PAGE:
Join Greg Sowell for an in-depth discussion in this video FTP and TFTP, part of Networking Foundations: Protocols and CLI Tools.
- File Transfer Protocol or FTP…has been used to transfer files since 1971.…FTP depends on TCP for reliable delivery.…FTP is great for plain text transmissions,…but can also use TLS or SSL to encrypt the sessions.…FTP can run in either active or passive modes.…In both modes, the session is initiated on TCP port 21.…In active mode, the client will inform the server…on what port the server should access the client at.…
The server will then initiate a connection to the client…from TCP port 20 for the data transfer.…In most situations, a client's machine…will be behind a firewall or utilize a software firewall…which will prevent incoming connections.…If this is the case, passive mode should be used.…In passive mode, the server provides a specific port…for the client to connect to.…The client then initiates the outbound connection…to the data server for a data transfer.…Trivial File Transfer Protocol or TFTP…is a light transfer protocol.…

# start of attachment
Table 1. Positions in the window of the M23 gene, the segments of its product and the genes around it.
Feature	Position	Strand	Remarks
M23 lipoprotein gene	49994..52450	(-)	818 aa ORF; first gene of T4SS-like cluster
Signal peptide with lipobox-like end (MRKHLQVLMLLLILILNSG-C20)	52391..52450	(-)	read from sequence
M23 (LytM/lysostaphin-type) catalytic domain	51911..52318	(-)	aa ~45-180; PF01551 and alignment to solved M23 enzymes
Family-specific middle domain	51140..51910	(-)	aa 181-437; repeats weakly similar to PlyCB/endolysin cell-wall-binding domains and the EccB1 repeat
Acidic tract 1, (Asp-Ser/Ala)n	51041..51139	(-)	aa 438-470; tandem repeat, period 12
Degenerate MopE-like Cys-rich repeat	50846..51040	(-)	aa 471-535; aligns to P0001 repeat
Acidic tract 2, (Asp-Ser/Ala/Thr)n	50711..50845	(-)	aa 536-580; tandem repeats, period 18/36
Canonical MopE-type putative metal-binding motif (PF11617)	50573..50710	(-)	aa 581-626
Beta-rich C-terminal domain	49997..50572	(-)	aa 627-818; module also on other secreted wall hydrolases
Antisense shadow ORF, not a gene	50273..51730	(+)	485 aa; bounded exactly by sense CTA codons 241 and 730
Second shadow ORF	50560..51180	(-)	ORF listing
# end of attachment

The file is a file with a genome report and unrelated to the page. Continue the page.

Its nature is perfect for devices…that pull their configuration on boot…or as a service for network hardware to transfer…
Protocols are the lifeblood of modern communication. By the end of this course, you'll know what you need to troubleshoot any network connection and keep the communication flowing.
Note: This course maps to domain 3 of the MTA Networking Fundamentals exam.
- Identify reasons why connectionless transmissions are faster.
- Determine what type of attack a gratuitous ARP announcing itself as a legitimate host indicates.
- State what IGMP snooping is useful for.
- Describe the best approach to use FTP to view and rename files on a server when your client is behind a firewall.
- Assess whether SSH is natively supported on Windows or not.
- List good uses for the arp command.